pointed out that the basic philosophy for staff development is to provide a more adequate public welfare service by the educational development of the workers who are directly responsible to the tax-payers for rendering efficient service, thus helping them to function with the maximum efficiency. The report encouraged leaves of absence for professional training; that the individual should have freedom of choice as to the school of social work he plans to attend; that plans should be worked out in each county so that the work would not be handicapped; and that the committee would make available information concerning schools of social work, such as special courses and scholarships to the state and county staffs.

        The committee recommended that the staffs meet in groups having the same type of responsibility for professional study and advancement and that committees be organized as needed for the purpose of working on particular aspects of the job such as budgeting, filing and the making of new forms. The committee emphasized the importance of supervision as the main tool in staff development and pointed out the need for a professional library with at least a part-time librarian, also the value of state and national conferences, training institutes, the annual public welfare institute, and special national conferences in particular fields.

REFERRAL TO THE WORK PROJECTS ADMINISTRATION

        During the past biennium the State Board of Charities and Public Welfare through the county welfare departments has served as the referral agency to the Work Projects Administration. (See table, page 105.)

        On October 30, 1939, the following joint working agreement was signed by the Work Projects Administration and the State Board of Charities and Public Welfare.

        "It is agreed between the Work Projects Administration of North Carolina and the State Board of Charities and Public Welfare that the latter shall be the official referral agency for Work Projects Administration employment. "The State Board of Charities and Public Welfare agrees to take full responsibility for the determination of need of persons for employment by the Work Projects Administration pursuant to the provisions of applicable emergency relief appropriation acts and in accordance with the provisions of the rules and regulations of the Work Projects Administration and within the limitations of the referral agency.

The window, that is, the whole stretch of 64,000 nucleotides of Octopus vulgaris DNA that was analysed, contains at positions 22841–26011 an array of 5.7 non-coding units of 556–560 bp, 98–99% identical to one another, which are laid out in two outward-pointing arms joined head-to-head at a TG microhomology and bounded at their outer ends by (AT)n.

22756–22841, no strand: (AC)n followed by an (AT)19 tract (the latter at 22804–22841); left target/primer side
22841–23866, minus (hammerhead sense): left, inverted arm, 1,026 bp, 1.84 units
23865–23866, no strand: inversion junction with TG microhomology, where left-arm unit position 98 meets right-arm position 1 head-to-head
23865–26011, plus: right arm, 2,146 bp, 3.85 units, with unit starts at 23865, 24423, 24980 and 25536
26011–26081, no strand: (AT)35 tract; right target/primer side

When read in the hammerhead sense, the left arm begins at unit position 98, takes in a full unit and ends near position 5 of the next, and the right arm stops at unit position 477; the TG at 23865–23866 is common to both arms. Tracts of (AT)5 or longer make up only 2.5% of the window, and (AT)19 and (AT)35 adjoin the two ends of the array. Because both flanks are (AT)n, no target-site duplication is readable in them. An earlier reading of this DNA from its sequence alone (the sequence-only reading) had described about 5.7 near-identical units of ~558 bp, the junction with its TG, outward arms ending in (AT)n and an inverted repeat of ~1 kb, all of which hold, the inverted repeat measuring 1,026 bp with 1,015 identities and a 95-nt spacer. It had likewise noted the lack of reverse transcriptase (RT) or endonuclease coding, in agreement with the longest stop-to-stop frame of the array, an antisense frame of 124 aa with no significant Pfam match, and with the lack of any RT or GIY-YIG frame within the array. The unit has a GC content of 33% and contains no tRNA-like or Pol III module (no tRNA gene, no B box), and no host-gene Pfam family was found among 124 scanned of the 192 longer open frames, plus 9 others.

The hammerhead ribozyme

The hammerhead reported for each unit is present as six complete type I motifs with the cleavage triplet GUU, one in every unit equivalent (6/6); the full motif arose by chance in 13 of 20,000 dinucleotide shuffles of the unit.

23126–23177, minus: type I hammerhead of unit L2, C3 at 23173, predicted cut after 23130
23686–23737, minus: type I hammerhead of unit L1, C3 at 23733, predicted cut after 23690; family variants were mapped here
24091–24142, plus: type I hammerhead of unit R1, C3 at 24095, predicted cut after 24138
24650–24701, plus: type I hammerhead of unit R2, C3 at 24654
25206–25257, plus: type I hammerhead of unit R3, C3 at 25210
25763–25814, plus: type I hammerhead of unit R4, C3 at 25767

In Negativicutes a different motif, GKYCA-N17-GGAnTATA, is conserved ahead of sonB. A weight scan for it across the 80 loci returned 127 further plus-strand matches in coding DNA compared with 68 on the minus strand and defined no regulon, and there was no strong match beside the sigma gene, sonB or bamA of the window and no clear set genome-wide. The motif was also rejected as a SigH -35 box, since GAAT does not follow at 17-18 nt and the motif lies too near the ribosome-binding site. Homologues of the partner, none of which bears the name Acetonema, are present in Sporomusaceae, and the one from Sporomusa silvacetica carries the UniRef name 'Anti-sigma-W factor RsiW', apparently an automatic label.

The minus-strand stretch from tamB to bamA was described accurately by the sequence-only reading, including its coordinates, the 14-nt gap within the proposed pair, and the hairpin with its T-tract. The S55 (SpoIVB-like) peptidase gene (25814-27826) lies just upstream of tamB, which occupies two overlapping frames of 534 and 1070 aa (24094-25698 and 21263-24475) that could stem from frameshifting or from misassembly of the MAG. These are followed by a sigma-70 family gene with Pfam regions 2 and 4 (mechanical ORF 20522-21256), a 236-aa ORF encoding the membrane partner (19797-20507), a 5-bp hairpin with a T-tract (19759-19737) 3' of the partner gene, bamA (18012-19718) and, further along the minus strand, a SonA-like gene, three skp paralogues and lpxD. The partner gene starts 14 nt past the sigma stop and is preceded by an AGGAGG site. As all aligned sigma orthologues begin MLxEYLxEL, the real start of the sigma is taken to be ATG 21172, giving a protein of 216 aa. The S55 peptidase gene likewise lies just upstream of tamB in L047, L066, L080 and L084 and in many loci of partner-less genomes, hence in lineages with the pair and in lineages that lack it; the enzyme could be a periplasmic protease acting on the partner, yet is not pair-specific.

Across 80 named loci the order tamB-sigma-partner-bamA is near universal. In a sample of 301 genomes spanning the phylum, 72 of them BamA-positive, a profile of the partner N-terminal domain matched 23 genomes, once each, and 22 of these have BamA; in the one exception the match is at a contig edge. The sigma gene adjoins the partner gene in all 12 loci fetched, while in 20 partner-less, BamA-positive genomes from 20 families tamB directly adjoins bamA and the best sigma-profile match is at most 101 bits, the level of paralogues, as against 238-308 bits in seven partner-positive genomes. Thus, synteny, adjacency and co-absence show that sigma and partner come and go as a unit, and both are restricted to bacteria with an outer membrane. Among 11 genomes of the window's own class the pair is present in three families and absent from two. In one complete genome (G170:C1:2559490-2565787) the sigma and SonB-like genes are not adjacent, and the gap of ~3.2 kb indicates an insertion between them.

"The Work Projects Administration reserves the right to accept or reject referrals on the basis of the eligibility requirements as set forth in the rules and regulations of the Work Projects Administration.


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        "This agreement may be amended provided such amendments are accepted by both agencies. The agreement shall be subject to termination by either party."


CERTIFICATION TO NATIONAL YOUTH ADMINISTRATION

        For the past year the State Board of Charities and Public Welfare has been one of the certifying agencies to the National Youth Administration. (See table, page 105.) Prior to that time it served as the referral agency through the Work Projects Administration to the National Youth Administration.

        Since the NYA is essentially a form of guidance through work experience each applicant for employment is interviewed in order to determine his interest, abilities, training, work experience, work performance and vocational needs.

        Certification--Certification of youths to NYA may be made by state and local public welfare agencies, Work Projects Administration, Farm Security Administration or the National Youth Administration.

        The basis for certification is as follows: The youth member of the family whose income is insufficient to provide the basic needs of all members of the family including the youth member, regardless of whether the family is receiving any form of public assistance; or a youth without family connection who is in need is eligible for certification. All youths in families already known to the local welfare departments are eligible for certification. This would include families receiving some form of relief, including surplus commodities. It also includes families investigated and found eligible for relief but not receiving it because of lack of funds. Applications may be accepted of youths whose families have not been subject to an investigation of need, also referrals from public and private agencies. This gives every youth in the community an opportunity to apply for employment on NYA and eliminates the idea that the youth must become a relief client in order to secure training on the National Youth Administration program.*

        (* Early in July 1940 the NYA lowered the age of youths eligible for certification to 17 years for North Carolina. The basis of certification was redefined as follows: The youth shall be eligible for certification if he is in need of employment, work experience and training.)


Department of Public Welfare Guides in Referral to WPA
and Certification to NYA

        Excerpts from the manual on budgeting used in determining need:

        "A subsistence budget compatible with decency and health" is a measuring rod for determining need.


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        Budget--A budget of expenses is a financial statement covering the basic needs of the family. A minimum budget includes food, shelter, clothing, fuel, lights, medical care, household needs, limited insurance, education, recreation, reasonable payment on debts, other items.

        Planning with the family--A plan has the following characteristics: It has objectives. It is voluntary and wanted by the client and the agency. It lays out a course in terms of things to be done and the approximate time of doing them. It is flexible and carries the expectation of performance according to agreement by both agency and client.